The bills we are voting on today are a vital first step in fixing the broken immigration system. I've long believed since I first came to Congress that fixing our immigration system starts, first and foremost, with enforcement of the law. Governments at all levels have a basic responsibility to protect our citizens from those who are in our country illegally and especially from those who commit criminal acts staying here illegally. For too long, the federal government has looked the other way while sanctuary cities violate the law and undermine public safety.

The bills we are voting on today bring common sense to an issue where common sense has been in short supply for far too long. I'm glad that we're showing the American people that the House, Republican majority is serious about keeping its promises. And I'm glad that the bills we are voting on are from the Davis-Oliver Act, which I introduced with Chairman Goodlatte.

As the new chairman of the Immigration and Border Subcommittee, I look forward to having the Davis-Oliver Act come to the floor sometime soon. I'm also looking forward to having a vote in the Judiciary Committee other immigration enforcement bills, including e-Verify and other issues that we have been working on for the last few months. I'm eager to work with Secretary Kelly, Chairman Goodlatte, and leadership to make that happen.

Of particular note is what Secretary Kelly said today. I think he understands the role of the federal government and the executive. He said that his job is to enforce the law. And it is our job to make the laws.

To me, the most ironic thing about this whole debate is most of the people that come to the United States illegally, they come here because they are fleeing countries where the law is not in force. Yet, some people on the other side want to turn this country into the countries they are fleeing from. What we need to do is we need to enforce the law and we need to make sure the American people feel safe and secure.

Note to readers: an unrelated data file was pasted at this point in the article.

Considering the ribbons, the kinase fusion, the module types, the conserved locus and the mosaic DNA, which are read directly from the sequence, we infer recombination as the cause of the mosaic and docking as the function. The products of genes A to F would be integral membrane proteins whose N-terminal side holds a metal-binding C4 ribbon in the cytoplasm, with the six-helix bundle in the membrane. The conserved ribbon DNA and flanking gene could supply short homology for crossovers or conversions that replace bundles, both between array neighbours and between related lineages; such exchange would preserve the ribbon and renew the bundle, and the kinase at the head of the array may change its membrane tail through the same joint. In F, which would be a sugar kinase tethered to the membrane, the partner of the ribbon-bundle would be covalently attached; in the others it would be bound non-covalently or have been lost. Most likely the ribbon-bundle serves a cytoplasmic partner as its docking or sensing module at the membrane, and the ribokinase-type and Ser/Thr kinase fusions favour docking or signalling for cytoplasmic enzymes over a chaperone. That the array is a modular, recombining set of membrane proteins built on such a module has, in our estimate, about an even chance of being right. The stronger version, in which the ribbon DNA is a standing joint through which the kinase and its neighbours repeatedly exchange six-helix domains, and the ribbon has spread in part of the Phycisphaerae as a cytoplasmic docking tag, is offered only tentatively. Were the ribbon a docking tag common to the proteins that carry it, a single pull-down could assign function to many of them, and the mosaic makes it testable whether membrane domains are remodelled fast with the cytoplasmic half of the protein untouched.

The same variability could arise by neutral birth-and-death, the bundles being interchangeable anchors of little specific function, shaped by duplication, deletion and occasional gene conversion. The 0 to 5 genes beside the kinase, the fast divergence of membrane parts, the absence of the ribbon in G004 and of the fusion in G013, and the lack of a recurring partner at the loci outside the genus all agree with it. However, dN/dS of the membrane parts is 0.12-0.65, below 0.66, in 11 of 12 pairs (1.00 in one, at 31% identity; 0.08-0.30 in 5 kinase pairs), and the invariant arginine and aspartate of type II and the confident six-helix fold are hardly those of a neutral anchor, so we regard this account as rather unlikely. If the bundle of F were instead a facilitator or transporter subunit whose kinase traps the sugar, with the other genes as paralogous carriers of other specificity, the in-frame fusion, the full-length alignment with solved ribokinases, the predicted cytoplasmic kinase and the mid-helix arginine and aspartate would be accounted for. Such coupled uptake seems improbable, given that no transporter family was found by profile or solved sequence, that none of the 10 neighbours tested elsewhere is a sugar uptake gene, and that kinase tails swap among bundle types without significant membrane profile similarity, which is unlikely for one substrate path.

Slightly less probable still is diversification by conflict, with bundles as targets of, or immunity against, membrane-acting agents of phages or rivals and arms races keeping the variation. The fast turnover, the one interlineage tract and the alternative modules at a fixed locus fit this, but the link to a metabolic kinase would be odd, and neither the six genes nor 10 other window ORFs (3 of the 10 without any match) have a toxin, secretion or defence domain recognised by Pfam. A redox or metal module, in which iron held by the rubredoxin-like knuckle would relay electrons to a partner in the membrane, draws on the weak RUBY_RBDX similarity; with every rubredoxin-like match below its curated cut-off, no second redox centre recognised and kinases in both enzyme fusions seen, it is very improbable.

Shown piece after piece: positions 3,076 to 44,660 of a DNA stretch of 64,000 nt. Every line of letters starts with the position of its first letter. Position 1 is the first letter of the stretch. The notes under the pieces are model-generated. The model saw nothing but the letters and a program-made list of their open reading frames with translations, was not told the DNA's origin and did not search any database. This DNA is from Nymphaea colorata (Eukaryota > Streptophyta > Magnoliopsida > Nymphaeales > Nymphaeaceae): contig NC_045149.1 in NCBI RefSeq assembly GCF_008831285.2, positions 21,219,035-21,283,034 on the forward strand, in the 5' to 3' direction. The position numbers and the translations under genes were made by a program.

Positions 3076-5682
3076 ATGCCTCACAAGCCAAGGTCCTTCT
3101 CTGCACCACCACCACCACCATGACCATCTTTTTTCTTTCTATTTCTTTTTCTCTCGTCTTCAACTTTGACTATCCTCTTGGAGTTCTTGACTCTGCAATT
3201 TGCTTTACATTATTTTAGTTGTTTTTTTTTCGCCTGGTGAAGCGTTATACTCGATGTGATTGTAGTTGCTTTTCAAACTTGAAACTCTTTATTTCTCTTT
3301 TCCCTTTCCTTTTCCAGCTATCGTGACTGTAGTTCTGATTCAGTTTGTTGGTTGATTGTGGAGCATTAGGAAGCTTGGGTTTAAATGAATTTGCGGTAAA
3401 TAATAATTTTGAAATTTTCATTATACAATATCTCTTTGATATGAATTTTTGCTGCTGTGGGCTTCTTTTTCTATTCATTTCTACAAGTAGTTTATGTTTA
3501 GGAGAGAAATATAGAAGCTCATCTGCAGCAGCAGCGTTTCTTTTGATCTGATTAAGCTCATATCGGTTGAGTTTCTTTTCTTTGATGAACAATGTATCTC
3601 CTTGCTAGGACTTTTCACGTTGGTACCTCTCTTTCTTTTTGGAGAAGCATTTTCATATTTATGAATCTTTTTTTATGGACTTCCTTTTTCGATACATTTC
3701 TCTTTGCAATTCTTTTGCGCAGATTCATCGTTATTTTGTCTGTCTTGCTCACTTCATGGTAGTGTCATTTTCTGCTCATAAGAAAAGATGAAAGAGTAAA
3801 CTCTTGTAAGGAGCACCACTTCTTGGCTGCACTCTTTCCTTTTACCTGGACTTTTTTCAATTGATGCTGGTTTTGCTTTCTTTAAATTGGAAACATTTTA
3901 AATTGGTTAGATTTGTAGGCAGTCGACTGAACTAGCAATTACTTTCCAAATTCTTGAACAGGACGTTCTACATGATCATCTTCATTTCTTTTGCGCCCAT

Thank you.

RYAN: Questions?

UNIDENTIFIED REPORTER: (INAUDIBLE) -- take longer than expected. How long will it take to reach an agreed upon bill?

RYAN: We are still on schedule and on track with the agenda. Tax reform is later in the year, in the fall. We have the summer here to work on health care. We think we are perfectly on time with the schedule. I can't answer the question how long it will take. I don't know when the Senate is going to bring the bill to the floor. As soon as the Senate gets a bill passed and done, I believe we can move quickly here. We think we are on track.

Look, I'm familiar with this. This is exactly what we did here in the House. We brought it to the floor, pulled it back, and brought it and passed it. That's basically the process the Senate the Senate is going through. It's a sense of deja vu. I told Senator McConnell I know how he feels. I think we are going persevere through it. We have a promise to keep. The promise we made is we are going to repeal and replace the health care law. Not to mention the fact that the health care law is in the middle of a collapse. Insurers are pulling out left and right around America. Forty-one percent of counties in America are down to one health insurer left, just one left. Blue Cross/Blue Shield just pulled out of Wisconsin, Missouri, Ohio. Ninety-four out of 99 counties in Iowa, no health insurers left next year. Double-digit premium increases. This problem is getting much worse. Because of that, our friends in the Senate will step up and get this done.

UNIDENTIFIED REPORTER: the White House is working hand and glove with you guys.


UNIDENTIFIED REPORTER: The president's tweeting and targeting vulnerable Republicans --


RYAN: Chad?

UNIDENTIFIED REPORTER: You have been critical of the president. He has made comments you felt were out of line. Are these comments out of line?

RYAN: Are you talking about the tweets? I just saw that. I don't see that as an appropriate comment. I think -- look, what we are trying to do here is improve the tone and civility of the debate. This doesn't help do that.

UNIDENTIFIED REPORTER: In the past, you said very strong things on the campaign trail --